Shepherd's view of poetry as mythology, like Wallace Stevens', suffers from a theoretical problem both Stevens and Shepherd recognized. For Stevens, while poetry is the "supreme fiction," it is also always inorganic, lifeless. This is the lesson of "Anecdote of the Jar," where the poet places a jar—the primordial artifact—on a hill in Tennessee, providing order to the otherwise "slovenly wilderness," which rises up to it "no longer wild." Yet, while the jar takes "dominion" of the wilderness, the rub is that it does not "give of bird or bush, / Like nothing else in Tennessee."

Shepherd identifies this same problem in his essay "Why I Write": "I have a strong sense of the fragility of the things we shore up against the ruin which is life: the fragility of natural beauty but also the artistic beauty, which is meant to arrest death but embodies death in that very arrest." This is the "aporia of art."

How to avoid this impasse? This is the second preoccupation of Red Clay Weather. One could make the case that art's ability to "redeem" alienation reflects Christ's actual redemption of the world. In Dostoevsky's The Idiot, the naïve, innocent Prince Myshkin states famously that beauty will "save the world." While the phrase is somewhat enigmatic, the beauty to which Myshkin refers is neither the human beauty of Aglaya nor the man-made beauty of art but rather the divine beauty of Christ. Christ endured "infinite suffering" to transform the chaos of our sin in his death and resurrection into ordered righteousness. And unlike beautiful art—which, in Shepherd's words, always "kills,"—Christ is risen.

In "God-With-Us," the final poem of Red Clay Weather, Shepherd compares Christ, whose birth is announced by a star, with the mythologies of the Greco-Roman gods, whose own stars populate Shepherd's poems:

What will I call you
when you are gone?
How will I know your name?
Little star, reflection
on the Sea of Galilee,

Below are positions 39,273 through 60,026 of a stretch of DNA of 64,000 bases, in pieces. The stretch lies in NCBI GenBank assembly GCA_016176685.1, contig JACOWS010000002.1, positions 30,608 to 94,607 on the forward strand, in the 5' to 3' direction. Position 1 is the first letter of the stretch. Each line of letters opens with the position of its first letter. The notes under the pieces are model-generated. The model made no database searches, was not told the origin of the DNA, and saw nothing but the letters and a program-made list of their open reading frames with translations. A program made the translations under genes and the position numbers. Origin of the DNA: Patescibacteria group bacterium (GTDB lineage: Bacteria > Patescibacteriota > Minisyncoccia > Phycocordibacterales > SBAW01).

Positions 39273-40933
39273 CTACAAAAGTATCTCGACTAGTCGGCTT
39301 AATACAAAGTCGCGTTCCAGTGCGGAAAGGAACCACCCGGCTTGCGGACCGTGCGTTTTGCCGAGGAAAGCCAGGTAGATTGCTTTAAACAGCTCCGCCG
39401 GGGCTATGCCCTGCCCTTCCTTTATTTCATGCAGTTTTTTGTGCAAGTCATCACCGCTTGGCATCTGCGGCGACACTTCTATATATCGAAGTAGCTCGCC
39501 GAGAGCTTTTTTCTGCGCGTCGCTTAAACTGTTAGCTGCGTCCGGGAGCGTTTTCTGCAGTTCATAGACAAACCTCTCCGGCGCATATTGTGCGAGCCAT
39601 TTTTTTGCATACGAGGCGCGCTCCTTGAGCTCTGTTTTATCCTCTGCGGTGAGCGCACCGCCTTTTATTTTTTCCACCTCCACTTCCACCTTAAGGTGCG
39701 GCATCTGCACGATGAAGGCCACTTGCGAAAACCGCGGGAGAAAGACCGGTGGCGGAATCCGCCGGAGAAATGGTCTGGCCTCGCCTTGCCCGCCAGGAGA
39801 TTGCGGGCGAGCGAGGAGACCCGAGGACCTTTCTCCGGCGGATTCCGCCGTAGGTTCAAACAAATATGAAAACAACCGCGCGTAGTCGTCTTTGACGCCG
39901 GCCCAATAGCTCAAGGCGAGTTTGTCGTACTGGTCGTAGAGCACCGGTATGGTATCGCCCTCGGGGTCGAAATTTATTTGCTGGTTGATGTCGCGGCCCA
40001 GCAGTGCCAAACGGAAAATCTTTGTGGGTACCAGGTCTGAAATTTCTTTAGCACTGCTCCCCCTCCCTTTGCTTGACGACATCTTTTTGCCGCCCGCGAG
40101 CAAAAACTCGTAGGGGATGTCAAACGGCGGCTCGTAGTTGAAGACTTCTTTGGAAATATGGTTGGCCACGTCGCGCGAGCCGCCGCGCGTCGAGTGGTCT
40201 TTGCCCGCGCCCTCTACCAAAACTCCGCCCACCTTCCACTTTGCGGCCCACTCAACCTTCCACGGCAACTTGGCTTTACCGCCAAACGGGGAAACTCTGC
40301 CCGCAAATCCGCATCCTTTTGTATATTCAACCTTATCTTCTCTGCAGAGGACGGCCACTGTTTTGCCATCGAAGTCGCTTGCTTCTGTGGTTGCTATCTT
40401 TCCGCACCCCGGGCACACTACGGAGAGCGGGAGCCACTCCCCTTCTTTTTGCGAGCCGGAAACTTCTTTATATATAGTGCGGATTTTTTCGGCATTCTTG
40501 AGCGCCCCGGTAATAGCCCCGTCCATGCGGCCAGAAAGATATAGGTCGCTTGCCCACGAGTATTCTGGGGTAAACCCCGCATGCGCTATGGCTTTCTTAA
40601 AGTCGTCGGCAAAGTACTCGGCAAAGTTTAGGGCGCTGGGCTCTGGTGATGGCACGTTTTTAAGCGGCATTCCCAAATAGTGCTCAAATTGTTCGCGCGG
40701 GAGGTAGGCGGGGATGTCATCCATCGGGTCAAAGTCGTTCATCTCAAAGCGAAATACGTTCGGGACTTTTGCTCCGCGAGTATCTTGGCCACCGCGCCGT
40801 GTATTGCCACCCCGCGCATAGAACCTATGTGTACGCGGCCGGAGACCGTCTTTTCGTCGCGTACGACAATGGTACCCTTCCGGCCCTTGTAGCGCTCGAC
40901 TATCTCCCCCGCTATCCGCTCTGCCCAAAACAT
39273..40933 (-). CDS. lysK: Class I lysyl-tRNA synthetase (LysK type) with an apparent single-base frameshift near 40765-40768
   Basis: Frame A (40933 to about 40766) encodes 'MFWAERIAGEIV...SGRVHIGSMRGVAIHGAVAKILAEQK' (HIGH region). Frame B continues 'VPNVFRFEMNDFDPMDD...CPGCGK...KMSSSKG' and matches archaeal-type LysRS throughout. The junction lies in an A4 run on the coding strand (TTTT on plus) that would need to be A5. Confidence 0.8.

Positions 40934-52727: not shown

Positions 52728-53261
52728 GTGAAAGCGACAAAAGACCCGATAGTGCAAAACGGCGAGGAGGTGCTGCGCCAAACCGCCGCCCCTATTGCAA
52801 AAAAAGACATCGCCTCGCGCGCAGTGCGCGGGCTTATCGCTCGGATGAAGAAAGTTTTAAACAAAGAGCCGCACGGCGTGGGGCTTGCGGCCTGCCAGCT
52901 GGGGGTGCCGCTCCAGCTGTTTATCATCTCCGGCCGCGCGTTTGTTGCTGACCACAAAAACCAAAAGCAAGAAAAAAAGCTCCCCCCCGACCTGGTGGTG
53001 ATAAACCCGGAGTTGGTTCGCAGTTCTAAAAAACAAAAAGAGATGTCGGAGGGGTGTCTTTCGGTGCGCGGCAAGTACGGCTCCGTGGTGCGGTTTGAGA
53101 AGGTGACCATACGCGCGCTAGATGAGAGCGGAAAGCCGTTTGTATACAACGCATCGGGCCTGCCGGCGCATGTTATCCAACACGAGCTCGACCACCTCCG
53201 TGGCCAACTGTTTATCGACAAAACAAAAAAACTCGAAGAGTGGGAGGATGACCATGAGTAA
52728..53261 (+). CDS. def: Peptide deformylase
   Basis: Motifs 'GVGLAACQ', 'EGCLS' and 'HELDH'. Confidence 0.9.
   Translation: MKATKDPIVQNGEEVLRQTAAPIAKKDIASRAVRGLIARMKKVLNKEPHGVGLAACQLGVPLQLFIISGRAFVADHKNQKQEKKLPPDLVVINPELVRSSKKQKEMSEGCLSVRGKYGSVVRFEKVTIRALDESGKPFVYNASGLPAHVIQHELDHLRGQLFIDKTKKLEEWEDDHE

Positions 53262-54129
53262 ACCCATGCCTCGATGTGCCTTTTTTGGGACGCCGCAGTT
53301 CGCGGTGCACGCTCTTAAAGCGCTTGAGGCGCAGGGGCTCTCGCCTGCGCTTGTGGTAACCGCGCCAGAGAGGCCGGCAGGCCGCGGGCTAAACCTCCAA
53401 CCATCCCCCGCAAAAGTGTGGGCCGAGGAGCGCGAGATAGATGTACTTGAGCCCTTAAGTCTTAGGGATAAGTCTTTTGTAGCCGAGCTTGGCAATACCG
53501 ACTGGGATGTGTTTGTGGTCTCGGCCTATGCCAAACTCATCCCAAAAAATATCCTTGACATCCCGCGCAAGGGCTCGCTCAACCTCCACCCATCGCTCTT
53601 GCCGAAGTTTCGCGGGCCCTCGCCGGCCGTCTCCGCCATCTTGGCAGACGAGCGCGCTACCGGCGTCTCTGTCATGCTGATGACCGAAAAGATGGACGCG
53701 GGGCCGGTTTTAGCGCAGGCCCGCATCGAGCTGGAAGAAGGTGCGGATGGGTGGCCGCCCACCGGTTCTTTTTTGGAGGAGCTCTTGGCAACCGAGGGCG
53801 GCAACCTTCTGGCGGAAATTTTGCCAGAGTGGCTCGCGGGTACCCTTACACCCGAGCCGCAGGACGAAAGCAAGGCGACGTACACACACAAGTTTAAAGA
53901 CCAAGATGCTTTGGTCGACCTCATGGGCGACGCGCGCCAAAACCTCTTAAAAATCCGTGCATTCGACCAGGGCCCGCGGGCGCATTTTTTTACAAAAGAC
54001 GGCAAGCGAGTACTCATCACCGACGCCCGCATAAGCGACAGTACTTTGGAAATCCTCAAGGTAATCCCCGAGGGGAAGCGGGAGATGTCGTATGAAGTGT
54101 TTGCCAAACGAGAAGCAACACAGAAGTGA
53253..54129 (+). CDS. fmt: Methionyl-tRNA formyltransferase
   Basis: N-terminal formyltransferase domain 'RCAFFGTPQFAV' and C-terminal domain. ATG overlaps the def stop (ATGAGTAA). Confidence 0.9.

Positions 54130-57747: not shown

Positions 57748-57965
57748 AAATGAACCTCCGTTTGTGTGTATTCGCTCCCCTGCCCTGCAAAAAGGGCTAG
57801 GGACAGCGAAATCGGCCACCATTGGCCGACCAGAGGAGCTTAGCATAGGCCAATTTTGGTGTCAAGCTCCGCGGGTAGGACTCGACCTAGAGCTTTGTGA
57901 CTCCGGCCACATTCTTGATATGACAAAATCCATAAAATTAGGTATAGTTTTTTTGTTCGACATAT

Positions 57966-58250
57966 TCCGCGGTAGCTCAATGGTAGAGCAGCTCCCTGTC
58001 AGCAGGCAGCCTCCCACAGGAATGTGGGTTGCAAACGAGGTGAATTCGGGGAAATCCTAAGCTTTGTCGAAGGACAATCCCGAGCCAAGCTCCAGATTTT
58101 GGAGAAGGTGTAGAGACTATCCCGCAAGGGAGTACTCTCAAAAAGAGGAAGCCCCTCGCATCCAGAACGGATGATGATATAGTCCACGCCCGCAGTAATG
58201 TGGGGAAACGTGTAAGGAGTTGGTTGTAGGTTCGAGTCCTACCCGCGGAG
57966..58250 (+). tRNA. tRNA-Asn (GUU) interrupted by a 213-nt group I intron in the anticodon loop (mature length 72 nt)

a lantern in the wood, half-hid,
reflecting on what can't be
touched, be known?
star of milk, star of a
nursing child's mouth, my
child, my lord, whoever
you may be today, tonight
which will not end, a cup
passed to me, from which I may
or may not drink, half-empty
star, still asleep by now?
And your small body, Emmanuel,
(how small my heart
to fit inside yours)
lies there, pearled, asleep …
How I want to believe.
(a pearl, an irritant).

Of his early attraction to mythology, Shepherd wrote: "Those myths' world of power and beauty and force corresponded much more to my sense of the world ruled by arbitrary powers answerable to no one than did the ethical prescriptions of Christianity, whose threats were always more believable than its promises, and whose insistence on a world ruled by law and justice and a moral order bore no resemblance to the world I suffered every day." Yet in this poem that concludes his last book, the cold power of mythology's gods is contrasted with the humble power of grace. Here we have a God who descends to man, becoming a weak, suckling child, in order to save. This God is indeed different from the cruel, misanthropic Greco-Roman gods of pure force. In this final poem, Shepherd captures the essence of what makes the "star" of Christianity unlike the mythical "stars" of the Greco-Romans. And it is something that both attracts and repels Shepherd. It is "a pearl, an irritant."

Robert Philen informs us in his introduction to the volume that Shepherd wrote this poem "in late August 2008 from his hospital bed, about two weeks before his death." It was around this time that Shepherd was also baptized into the Episcopal Church. It is difficult not to lament the poems he might have written following this conversion, if it indeed was a true turning. What insights might the language of faith have opened up for a poet with Shepherd's sensibilities? Yet, what he left us are hard, gem-like poems of a precocious, God-haunted boy from the Bronx—a beautiful gift, nonetheless.

Micah Mattix is assistant professor in literature at Houston Baptist University and the review editor of The City.